If you’ve ever wanted to watch a horror movie that also feels like a warm hug, you should seek out Blood Relatives. Writer, director, and star Noah Segan (Looper, Knives Out) plays a vampire named Francis who thinks he’s the coolest guy ever. He wears a leather jacket, drives an old muscle car, traverses America, and occasionally murders people by sucking the blood out of their bodies.
That all changes, though, when Jane comes into his life. Jane (Victoria Moroles) is a 15-year-old girl whose very human mother died recently and may have slept with a vampire about, say, 15 years and nine months ago. The fact she craves raw meat and has to wear a lot of sunblock are also clues that Francis is her father. The realization that his cool-guy life as an immortal vampire might be changing radically is at first scary to Francis, but eventually he embraces it, and that’s when things get really interesting.
With Blood Relatives, Segan is exporing—in the most fun, genre-forward way possible—how a person changes when they become a parent. Not just their life, but who they are. Francis is the ultimate forever child. He literally doesn’t grow up, so has never felt like he has to mature emotionally. But his years and years (and years) of life experience also make him a uniquely capable dad. Not that he wants to come to terms with that.
But he does, and the way the film balance vampire necessities like murder and staying out of the sun with life necessities (school, money) is both clever and endearing. The script has some fun workarounds and compromises that even the most diehard vampire fans won’t see coming. And it all works because Moroles and Segan have such great chemistry. There’s believable tension and compassion between them as one might expect of a father and his rebellious teenage daughter.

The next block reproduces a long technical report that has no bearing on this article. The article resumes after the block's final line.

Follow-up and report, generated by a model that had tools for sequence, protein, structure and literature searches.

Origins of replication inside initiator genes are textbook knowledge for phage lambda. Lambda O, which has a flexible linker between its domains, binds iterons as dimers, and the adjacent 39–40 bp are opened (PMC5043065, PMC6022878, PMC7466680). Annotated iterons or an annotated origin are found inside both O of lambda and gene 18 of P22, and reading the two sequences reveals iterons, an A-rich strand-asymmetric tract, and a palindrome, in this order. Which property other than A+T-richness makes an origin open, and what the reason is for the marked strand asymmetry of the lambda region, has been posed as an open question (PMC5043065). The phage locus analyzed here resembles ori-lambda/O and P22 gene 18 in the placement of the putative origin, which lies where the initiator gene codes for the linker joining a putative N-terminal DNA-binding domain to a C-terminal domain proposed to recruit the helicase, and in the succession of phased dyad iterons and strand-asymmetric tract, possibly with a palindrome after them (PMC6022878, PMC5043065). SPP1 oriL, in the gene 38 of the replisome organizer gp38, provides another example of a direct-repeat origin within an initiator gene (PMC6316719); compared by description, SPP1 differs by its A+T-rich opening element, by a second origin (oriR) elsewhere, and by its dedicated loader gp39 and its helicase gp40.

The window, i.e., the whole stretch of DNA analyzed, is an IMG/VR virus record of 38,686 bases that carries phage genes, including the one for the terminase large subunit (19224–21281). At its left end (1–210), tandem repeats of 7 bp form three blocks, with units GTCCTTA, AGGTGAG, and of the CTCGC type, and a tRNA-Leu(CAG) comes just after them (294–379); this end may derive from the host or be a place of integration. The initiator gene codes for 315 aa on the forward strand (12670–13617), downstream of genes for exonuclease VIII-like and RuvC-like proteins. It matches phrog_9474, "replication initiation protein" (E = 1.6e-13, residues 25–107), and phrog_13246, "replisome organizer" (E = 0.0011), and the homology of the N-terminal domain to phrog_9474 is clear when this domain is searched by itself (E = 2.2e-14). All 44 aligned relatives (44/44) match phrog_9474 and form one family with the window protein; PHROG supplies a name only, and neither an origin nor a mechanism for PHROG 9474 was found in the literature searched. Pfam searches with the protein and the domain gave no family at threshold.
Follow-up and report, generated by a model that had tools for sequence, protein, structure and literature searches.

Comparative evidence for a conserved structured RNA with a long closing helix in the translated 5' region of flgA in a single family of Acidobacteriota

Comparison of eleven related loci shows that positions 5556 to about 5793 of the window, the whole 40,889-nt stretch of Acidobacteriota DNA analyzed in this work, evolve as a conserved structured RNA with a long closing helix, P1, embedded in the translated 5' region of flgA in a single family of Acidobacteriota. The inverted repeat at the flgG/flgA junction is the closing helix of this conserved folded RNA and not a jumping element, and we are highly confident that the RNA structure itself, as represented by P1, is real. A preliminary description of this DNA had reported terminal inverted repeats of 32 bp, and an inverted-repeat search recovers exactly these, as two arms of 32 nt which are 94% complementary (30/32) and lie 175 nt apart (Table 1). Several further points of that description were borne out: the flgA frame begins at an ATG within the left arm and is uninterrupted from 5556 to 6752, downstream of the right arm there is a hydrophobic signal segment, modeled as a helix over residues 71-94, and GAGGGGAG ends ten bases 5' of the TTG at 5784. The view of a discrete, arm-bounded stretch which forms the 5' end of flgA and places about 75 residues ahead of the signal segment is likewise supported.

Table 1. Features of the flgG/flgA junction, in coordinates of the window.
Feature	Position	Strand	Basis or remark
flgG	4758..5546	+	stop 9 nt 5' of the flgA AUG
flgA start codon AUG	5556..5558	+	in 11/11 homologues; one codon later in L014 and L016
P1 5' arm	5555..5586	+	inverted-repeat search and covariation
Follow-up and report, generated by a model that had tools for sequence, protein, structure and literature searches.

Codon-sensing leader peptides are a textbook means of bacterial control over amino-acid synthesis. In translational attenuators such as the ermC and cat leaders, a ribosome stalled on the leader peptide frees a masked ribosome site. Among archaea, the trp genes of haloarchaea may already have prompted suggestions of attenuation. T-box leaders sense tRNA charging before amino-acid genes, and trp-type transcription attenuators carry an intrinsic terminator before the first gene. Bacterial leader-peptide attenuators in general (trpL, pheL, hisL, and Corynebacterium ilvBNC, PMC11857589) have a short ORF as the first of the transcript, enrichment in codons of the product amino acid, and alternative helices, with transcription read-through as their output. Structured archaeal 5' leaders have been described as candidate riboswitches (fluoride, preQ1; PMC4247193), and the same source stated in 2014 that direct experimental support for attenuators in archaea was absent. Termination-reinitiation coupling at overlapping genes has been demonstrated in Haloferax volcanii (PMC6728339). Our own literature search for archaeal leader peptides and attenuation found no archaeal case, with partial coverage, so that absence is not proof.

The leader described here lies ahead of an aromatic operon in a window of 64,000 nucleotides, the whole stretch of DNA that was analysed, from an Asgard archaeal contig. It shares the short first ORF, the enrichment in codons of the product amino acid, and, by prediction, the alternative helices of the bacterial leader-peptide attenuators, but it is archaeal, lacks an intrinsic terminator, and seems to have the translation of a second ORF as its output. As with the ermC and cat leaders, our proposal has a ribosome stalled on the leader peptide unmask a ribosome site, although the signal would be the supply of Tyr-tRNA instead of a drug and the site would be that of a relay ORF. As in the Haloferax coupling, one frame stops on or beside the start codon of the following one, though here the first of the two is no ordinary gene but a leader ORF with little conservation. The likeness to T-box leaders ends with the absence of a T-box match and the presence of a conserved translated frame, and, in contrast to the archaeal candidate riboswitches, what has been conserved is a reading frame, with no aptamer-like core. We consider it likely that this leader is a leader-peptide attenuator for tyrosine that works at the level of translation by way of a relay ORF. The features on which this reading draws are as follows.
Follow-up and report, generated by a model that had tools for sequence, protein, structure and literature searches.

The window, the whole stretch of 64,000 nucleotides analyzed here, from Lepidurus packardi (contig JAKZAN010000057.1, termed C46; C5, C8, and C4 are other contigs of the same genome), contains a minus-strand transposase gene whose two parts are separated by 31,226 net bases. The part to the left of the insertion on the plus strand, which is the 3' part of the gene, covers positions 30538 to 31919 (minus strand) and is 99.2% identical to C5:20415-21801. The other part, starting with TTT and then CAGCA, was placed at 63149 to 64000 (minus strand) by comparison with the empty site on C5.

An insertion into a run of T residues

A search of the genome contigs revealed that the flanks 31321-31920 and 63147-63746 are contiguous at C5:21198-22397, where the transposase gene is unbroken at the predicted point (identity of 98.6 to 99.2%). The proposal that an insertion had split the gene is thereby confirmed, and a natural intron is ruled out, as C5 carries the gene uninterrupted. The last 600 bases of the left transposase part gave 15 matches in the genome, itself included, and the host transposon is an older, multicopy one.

All the while, the vampire stuff slowly becomes less and less important, with a few shocking and surprising exceptions. Instead, what becomes more carefully crucial to the characters and film is Francis’ history. We get hints of where he grew up, how he became a vampire, and the Jewish culture he still carries with him. Francis doesn’t seem like the type to regularly practice his religion, but it’s a huge part of his everyday being--and the choice, along with its execution, humanizes the character in a very endearing, enriching way. It’s one of many specific, good decision Segan makes throughout that makes his movie feel like just the right balance of its many genres.
The one downside to Segan performing so many roles, many of which he’s doing for the first time in a feature, is that Blood Relatives isn’t flashy. For the most part it’s a very matter of fact, down the middle style of filmmaking focused more on character and story. So while it might not jump off the screen at you, it simply has to win you over with its humanity. Which it does. Turns out, taking a usually violent genre and stuffing a dissection of parenthood and life experience into it is a lovely way to make a distinct, memorable movie.
Blood Relatives just had its world premiere at Fantastic Fest 2022. It was produced by Shudder and will surely be on its steaming service in the near future.
Want more io9 news? Check out when to expect the latest Marvel and Star Wars releases, what’s next for the DC Universe on film and TV, and everything you need to know about House of the Dragon and Lord of the Rings: The Rings of Power.